Auditor General Nancy Gathungu has blamed the lacklustre performance of county assemblies to oversight the executive on lack of capacity and weak structures.
She said failure by the public accounts committees to effectively interrogate and take action on findings contained in audit reports from her office was worrying.
Ms Gathungu said that should the ward representatives have been doing their job properly, there would be no need for county executives to be summoned by the Senate in Nairobi to respond to audit queries.
She pledged her office would work closely with the county assemblies to improve their capacity and ensure funds allocated to the devolved units were not misappropriated.
“We are ready to provide support to public accounts committees in county assemblies and empower them to interrogate our reports objectively and keep the county executive in check so that we don’t waste time dwelling on the same issues,” said Ms Gathungu.
She spoke when she toured development projects in Kakamega County on Tuesday, a visit she said had been prompted by the need to forge good working relationships with the county assemblies to improve their oversight roles.
The Auditor General inspected the construction of the Kakamega Teaching and Referral Hospital and the ongoing second phase of Bukhungu stadium. She was accompanied by Kakamega Deputy Governor Prof Philip Kutima.
Ms Gathungu said members of county assemblies (MCAs) had not adequately acted on audit queries contained in reports prepared by her office and tabled in the assemblies, yet they were in a better position to closely monitor financial management and implementation of development projects.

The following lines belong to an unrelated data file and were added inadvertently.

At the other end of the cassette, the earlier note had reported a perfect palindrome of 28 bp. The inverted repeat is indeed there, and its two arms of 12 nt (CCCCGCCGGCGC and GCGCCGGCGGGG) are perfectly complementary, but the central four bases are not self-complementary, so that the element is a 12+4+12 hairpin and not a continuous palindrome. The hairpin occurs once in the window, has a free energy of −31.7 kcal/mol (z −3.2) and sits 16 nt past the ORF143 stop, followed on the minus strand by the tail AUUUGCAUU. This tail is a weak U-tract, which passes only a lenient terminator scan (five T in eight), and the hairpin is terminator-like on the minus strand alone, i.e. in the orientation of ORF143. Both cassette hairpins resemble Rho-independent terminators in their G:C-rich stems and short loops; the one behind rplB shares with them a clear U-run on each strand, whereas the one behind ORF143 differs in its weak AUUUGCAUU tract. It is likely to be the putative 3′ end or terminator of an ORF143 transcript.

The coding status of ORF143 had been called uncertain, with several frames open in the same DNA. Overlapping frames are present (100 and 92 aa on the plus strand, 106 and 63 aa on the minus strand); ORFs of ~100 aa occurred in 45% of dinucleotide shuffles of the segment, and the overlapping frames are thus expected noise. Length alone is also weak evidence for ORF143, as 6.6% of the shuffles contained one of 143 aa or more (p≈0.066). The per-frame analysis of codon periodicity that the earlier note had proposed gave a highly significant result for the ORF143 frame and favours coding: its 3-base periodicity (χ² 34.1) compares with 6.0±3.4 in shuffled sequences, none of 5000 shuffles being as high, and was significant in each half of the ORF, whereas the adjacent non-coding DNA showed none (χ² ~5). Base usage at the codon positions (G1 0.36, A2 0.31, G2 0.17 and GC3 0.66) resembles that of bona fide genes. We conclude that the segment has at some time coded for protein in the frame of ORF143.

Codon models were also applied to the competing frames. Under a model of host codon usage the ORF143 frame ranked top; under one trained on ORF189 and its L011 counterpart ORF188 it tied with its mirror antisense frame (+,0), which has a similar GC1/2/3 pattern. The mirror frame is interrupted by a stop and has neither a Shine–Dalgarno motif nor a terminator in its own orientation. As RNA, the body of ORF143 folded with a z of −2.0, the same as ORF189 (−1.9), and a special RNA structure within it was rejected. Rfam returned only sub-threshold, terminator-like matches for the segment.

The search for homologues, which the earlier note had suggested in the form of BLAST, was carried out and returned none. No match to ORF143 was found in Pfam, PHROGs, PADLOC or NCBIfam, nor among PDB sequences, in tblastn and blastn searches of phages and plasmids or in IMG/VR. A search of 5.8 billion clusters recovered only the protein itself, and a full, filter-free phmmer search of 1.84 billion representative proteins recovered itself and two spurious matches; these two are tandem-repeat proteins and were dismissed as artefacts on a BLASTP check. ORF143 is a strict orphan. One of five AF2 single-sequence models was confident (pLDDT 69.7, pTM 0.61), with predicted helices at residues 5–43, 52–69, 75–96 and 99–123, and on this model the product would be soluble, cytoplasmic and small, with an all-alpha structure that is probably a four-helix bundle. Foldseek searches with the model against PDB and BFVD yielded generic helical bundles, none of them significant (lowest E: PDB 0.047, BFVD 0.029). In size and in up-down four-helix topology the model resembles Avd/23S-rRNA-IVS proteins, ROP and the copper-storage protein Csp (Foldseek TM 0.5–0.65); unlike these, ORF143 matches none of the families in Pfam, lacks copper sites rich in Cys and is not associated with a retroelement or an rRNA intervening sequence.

The Auditor General asked county executives to cooperate with the oversight committees in the assemblies by honouring summons and responding to audit queries.
She added that incidents where members of the executive snub such summons frustrated efforts by county assemblies to investigate cases of graft.
Ms Gathungu said the delay in disbursement of funds to counties by the National Treasury had crippled the implementation of key development projects and impacted negatively on the delivery of services.
“Governors need to plan properly for implementation of development projects with financial challenges in their mind. Counties should not undertake huge development projects at ago when there is poor cash flow.
“What should happen is to have such projects implemented in phases to avoid stalling,” she said.
She stated that during her tour of counties she had noted challenges by the devolved units to implement flagship projects which were worth millions of shillings.
“Some projects have stalled for a period of six to seven years after counties pumped in millions of taxpayers’ money. This is due to poor planning,” she said.
“This is causing great concern to me because in such cases ordinary Kenyans do not get value for their money.”
She challenged residents to be vigilant and ensure public resources are well utilised.
“This is your money and where you feel that funds have not been spent well there is need for you to speak out about it. You need to be hawk-eyed and help fight corruption in the counties,” said Ms Gathungu.